Tag Archives: Japan

Subtly Hidden (And Depressing) Poster Image

Grave of the Fireflies is one of the saddest Masterpiece ever made.

Decades after its original release, people have discovered a haunting, hidden image in the Japanese movie poster.

Attention has been re-focused on Grave of the Fireflies after director Isao Takahata’s recent passing. Grave of the Fireflies is a 1988 Studio Ghibli movie about two children in Japan during World War II.

The image on the left is of the Japanese poster in question.

It looks like main characters Seita and Setsuko are playing with fireflies, right? 

But if you look closely at the top of the poster…

…or alter the poster’s colour…

There appears to be a B29 bomber hidden in the blackness.

If you alter the colour further, you can see that there’s the round glowing light of fireflies at the bottom contrasted with what appears to be bullets or firebombs raining down.

This poster is perhaps one of the most famous in animation, and it’s also depressing as hell, but doesn’t quite pack the same emotional punch upon closer inspection.

They should make the leader of every country watch that movie!

On the other hand, I better get to the hospital because all of this edge has me haemorrhaging.

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Studio Ghibli LEGEND Isao Takahata has died

Isao Takahata, co-founder of Studio Ghibli and director of such animated films as Grave of the Fireflies, passed away today in a Tokyo hospital at the age of 82.

Takahata’s distinguished career as a producer, director, and animator began in 1959 when he joined Toei Animation as an assistant. There, he met his longtime collaborator and fellow animation legend Hayao Miyazaki, with whom he later founded Studio Ghibli along with Toshio Suzuki.

A number of Studio Ghibli’s most famous anime have benefited from Takahata’s hand as a producer, director or writer. After producing 1984’s Nausicaa of the Valley of the Wind and 1986’s Castle in the Sky, Takahata directed Grave of the Fireflies (no movie has ever made me cry like Grave of the Fireflies) a brilliant and devastating World War II drama that received universal acclaim.

Between 1991 and 2013, Takahata directed Only YesterdayPom PokoMy Neighbors the Yamadas, and The Tale of Princess Kayuga, the latter of which was nominated for an Academy Award. He continued working through 2016.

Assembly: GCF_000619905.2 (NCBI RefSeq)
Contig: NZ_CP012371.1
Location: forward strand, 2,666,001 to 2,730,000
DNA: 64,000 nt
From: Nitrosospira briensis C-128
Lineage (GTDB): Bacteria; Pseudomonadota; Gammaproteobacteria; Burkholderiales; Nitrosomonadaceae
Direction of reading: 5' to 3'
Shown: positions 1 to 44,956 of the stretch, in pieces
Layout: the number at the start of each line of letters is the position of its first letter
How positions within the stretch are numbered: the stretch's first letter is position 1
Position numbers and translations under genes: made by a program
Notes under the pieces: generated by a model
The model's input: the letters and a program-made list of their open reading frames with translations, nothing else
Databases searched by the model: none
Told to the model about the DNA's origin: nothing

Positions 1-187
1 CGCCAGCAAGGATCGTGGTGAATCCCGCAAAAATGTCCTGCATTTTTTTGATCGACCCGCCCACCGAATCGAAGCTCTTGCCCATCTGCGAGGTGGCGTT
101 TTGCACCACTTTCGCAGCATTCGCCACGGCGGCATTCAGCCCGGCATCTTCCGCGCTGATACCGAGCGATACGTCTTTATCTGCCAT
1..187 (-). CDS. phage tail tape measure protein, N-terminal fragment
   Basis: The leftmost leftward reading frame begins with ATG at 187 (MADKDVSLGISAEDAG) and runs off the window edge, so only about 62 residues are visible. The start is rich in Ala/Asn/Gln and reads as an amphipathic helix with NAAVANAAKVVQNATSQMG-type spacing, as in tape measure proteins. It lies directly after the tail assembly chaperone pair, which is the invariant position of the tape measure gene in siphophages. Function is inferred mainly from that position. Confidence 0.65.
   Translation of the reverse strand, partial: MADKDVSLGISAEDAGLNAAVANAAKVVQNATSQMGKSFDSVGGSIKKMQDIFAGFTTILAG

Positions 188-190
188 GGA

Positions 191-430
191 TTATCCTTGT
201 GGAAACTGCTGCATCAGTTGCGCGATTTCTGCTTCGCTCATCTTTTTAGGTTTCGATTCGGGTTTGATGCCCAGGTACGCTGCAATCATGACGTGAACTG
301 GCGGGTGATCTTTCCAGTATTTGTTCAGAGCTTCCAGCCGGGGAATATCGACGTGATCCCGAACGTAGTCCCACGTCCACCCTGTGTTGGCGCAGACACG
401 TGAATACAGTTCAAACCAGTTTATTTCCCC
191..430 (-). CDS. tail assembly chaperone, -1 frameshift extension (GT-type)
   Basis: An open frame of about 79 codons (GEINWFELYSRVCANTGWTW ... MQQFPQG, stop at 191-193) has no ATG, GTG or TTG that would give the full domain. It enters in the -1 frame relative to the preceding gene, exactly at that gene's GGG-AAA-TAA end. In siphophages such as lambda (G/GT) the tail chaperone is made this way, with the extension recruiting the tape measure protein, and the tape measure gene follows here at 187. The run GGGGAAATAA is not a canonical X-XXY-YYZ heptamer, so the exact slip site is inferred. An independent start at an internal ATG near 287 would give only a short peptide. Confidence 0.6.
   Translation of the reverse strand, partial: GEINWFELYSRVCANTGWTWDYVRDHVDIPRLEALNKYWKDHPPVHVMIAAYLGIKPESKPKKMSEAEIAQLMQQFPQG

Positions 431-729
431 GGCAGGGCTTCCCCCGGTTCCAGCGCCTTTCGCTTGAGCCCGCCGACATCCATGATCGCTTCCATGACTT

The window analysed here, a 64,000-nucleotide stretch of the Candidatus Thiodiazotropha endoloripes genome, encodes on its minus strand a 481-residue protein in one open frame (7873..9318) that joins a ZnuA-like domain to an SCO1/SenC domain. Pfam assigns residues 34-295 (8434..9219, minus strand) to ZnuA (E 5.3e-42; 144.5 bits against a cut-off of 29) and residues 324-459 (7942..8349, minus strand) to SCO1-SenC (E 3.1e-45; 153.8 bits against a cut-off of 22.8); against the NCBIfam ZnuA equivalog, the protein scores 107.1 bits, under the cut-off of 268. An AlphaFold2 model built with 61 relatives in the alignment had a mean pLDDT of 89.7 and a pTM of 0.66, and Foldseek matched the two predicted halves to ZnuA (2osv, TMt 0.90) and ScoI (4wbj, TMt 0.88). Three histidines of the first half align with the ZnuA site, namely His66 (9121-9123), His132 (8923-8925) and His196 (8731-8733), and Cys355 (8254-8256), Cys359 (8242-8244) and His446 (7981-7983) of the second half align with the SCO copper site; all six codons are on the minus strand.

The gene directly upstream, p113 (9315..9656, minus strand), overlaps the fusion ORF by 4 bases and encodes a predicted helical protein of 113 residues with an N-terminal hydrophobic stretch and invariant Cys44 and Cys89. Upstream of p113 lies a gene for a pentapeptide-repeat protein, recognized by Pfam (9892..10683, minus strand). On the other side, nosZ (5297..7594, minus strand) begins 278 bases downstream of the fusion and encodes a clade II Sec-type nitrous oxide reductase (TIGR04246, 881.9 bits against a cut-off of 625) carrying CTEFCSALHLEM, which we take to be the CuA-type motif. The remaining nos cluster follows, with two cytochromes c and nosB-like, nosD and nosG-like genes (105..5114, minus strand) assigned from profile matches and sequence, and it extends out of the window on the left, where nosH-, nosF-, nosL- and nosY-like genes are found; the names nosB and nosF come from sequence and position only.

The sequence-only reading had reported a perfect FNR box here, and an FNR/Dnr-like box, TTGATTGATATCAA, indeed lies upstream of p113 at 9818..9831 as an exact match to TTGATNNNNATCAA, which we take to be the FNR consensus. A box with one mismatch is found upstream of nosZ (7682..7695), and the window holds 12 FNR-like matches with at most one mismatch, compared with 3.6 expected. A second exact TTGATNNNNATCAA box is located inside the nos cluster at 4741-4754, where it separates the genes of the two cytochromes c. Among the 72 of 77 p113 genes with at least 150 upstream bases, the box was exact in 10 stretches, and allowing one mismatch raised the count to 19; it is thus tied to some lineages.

RIP Mr. Takahata. Thank you for giving me so much beauty and such good cries. 

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Here’s a confession…

Ikki is a nickname a use for some torrid encounters or just to exchange ideas in some so-called social media. I don’t understand those who share their real info on a virtual world, it’s like unprotected sex to me, careless of their safety.

I chose Ikki because is a name I like since I was a child, a Japanese name I should have had instead of my German real name.

But Ikki is also the name of one of my favourite characters from the EPIC manga Saint Seiya! Which was adapted into an anime when I was a kid (Saint Seiya is one of the most celebrated mangas of Japan).

Ikki (輝) literally means “Gleam” and he is the bronze saint of Phoenix.

I never thought too much about the whole concept behind the character, but recently some random stranger online made realised how it fits me like a glove.

In the mythology, the phoenix dies in a show of flames and obtains new life by arising from the ashes… Curiously, in real life, my element is fire ’cause I’m a Leo on the zodiac.

The person who made me realised the similarities with the anime was also familiar with the character and told me: “So you are a lone wolf! And I was like “OMG what? So true!”

Although I’m a fan of Saint Seiya, my focus on Ikky was always only on his powers.

In the anime Ikki has actually a lone wolf attitude as well as an above-average, fiery power. He is harsh, cold, aggressive, and very much of a loner. Yet he is guided by his deep love and loyalty for his younger brother and friends. 

He dislikes teamwork, but comes to battle whenever others need help.

You know when you met someone and his/her name looks like his/her face? 

When I chose Ikki I did it by the phonetic because it matches my persona: Straightforward!

But I never thought how much the anime matches the rest of personality. Even though I’m only harsh, cold, aggressive when I lose my cool… which gladly doesn’t happen often.

I short, only those who know me in real life know how much I hate my German name.

My parents had it wrong!! 

Ikky should have been my name, like the fiery loner Japanese avenger.